As your organization seeks to become more data-driven, data will become an integral part of all communications. It should play a key role in your business meetings, internal conversations, and other daily interactions. As more of your people are exposed to data that is both relevant and crucial to their roles, communicating effectively with data will be an essential skill everyone will need to master—from the CEO to frontline employees.
Whenever you combine or arrange data and other elements for a specific purpose—analysis or communication—you’re creating a data composition. Today, data specialists are no longer the only ones being tasked with creating various data compositions such as data presentations, reports, dashboards, infographics, data visualizations, and so on. Data stories are a unique set of data compositions that blend data, narrative and visuals in an effective manner to help explain, enlighten and engage. Data stories are powerful vehicles for sharing data insights to influence and drive change within an organization.
However, there’s more to a data story than just a flashy set of data visualizations or a compelling narrative. To a casual observer, many data compositions may look and smell like data stories because they include numbers and charts. While all data stories are data compositions, not all data compositions are data stories. On closer inspection, you’ll notice many supposed data stories are missing some of the essential attributes that constitute an effective data narrative. Flawed data stories can end up impeding business decision-making as their weak narratives, biased data and confusing charts fuel bad decisions or indecision. To avoid falling into potential data storytelling traps, it is important to first understand the two-step process in which data stories are formed.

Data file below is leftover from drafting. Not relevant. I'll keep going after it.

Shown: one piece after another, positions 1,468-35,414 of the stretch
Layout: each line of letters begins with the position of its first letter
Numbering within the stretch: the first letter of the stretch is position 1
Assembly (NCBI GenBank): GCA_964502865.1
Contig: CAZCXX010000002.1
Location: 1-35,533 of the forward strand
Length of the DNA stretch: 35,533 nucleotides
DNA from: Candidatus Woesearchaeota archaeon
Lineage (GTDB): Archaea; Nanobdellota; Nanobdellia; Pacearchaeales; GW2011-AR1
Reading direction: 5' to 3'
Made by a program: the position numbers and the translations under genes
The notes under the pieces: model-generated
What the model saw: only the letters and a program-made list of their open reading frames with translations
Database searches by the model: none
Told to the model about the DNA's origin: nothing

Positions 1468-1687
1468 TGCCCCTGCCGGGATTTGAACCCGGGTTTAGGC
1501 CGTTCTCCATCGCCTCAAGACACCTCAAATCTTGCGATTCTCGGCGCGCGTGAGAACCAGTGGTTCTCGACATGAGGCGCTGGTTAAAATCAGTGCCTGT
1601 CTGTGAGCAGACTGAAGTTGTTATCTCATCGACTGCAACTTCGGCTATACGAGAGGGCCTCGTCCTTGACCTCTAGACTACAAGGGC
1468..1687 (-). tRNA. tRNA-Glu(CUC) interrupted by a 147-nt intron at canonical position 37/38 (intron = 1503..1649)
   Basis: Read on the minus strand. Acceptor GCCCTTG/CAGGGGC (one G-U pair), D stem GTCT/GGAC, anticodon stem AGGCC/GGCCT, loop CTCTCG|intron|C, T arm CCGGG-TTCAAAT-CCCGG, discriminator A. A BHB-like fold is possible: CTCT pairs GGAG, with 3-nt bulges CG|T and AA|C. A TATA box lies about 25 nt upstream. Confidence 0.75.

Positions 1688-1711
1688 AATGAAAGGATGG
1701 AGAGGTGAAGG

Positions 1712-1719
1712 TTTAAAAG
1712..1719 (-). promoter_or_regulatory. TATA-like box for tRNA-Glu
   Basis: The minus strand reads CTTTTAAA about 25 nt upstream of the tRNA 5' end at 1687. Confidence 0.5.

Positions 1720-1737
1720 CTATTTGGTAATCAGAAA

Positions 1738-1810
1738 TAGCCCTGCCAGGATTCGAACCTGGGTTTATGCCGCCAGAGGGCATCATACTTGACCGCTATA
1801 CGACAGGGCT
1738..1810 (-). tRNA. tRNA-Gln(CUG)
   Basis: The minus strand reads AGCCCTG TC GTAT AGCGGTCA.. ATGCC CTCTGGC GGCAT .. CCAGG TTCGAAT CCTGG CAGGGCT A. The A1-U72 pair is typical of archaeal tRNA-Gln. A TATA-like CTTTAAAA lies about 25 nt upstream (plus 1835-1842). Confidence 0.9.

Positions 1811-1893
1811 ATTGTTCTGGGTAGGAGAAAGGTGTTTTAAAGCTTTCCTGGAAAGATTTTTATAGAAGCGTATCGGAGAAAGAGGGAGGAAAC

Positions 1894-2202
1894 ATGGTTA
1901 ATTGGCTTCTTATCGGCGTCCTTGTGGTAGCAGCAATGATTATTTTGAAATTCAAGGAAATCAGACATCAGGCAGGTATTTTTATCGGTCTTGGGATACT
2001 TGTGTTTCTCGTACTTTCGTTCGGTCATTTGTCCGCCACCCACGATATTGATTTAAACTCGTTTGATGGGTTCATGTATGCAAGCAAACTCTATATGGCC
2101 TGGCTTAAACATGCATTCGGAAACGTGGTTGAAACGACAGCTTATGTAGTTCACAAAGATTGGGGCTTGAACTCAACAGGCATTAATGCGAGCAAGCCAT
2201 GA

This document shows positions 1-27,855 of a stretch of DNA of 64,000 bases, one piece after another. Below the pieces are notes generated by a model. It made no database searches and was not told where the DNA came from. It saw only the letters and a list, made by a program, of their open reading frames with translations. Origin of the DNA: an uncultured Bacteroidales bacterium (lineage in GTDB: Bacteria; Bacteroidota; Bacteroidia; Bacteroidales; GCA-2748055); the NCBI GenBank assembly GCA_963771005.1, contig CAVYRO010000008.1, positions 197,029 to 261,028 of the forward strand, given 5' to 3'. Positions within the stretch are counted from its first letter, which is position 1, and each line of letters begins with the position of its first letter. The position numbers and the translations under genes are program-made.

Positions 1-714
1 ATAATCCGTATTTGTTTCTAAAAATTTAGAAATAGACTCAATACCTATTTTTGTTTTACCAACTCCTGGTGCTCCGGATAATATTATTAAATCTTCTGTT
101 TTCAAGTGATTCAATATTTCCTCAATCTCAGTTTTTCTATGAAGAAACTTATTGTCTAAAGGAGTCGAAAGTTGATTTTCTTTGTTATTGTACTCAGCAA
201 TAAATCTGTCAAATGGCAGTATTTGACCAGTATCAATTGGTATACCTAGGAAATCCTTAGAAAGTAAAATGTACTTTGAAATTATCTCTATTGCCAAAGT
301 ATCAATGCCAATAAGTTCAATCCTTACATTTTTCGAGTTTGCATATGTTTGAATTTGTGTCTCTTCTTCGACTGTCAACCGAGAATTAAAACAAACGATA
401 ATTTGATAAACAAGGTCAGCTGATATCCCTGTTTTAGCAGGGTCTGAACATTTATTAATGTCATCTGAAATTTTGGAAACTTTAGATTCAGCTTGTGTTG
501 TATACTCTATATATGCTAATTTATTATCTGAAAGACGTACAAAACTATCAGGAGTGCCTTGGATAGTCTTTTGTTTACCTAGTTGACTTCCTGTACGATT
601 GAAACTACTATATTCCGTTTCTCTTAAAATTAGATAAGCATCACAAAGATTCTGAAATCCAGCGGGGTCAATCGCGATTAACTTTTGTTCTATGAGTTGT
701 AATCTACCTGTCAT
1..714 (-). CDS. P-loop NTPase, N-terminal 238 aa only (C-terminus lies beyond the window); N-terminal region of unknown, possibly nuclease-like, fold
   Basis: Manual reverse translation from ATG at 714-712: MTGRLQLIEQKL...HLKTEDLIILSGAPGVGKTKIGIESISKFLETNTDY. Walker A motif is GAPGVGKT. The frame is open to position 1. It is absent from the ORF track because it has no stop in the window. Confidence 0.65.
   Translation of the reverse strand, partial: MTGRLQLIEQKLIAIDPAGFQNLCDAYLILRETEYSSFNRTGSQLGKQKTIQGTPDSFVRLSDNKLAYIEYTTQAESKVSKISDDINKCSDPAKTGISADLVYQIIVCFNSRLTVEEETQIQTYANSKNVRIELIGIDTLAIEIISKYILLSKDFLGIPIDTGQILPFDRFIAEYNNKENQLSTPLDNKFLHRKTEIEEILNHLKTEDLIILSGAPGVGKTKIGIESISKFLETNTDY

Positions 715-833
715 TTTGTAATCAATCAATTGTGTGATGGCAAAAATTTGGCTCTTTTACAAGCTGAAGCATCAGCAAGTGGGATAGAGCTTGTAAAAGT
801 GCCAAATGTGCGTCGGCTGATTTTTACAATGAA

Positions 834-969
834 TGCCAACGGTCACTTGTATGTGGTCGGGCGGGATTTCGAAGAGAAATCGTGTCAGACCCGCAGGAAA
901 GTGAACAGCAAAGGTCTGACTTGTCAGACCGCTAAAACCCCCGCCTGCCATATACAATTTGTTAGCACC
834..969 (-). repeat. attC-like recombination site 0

Indiana Jones and how data stories are created
To help explain how data stories are developed in two stages, I’ll compare the process to my childhood hero, Indiana Jones. As a field archaeologist, Indy would travel around the world pursuing rare antiquities and battling evil Nazi henchmen. On the other hand, he was also a college professor who would share the tales and spoils of his archeological adventures with his students, fellow faculty and university museum.
Similarly, all data stories begin with an exploratory phase where someone examines a dataset for meaningful insights. At this stage, you’re the daring, inquisitive adventurer, Indiana Jones. This initial phase can be as straightforward as studying a simple data table or as complex as performing a series of advanced statistical analyses. Data visualizations will often serve an integral role in helping you to uncover key patterns, trends, and anomalies in your data. Speed and flexibility drive these initial data visualizations as you navigate through the data, exploring different paths and perspectives.
At this stage, you are the sole audience of these exploratory data visualizations so they only need to speak to you and no one else. As you assemble the data for these charts, you gain a more intimate knowledge of the underlying data. While you may seek to confirm a hypothesis or hunch, you won’t yet know what narrative will emerge from the data. Your initial ideas may be proven right, completely contradicted or even pulled in an unexpected direction.
However, once you discover a meaningful insight you now have a story to tell and must transition to the explanatory phase. You now become Dr. Jones—professor of archeology and popular classroom lecturer. Now, you are no longer the audience as you seek to share your key findings with others. There’s also a very good chance your intended audience won’t know the data to the same degree as you do so simplicity and clarity become essential elements in your usage of explanatory data visualizations. Notably, the data visualizations that helped you to discover an insight will often need to be refined or even replaced to more effectively communicate what you discovered to a less-informed audience.
With this understanding of how data stories are formed, you’re ready to examine the three key traps that people can fall into when attempting to tell effective data stories.
**This article was originally published on Forbes.com on April 25, 2017.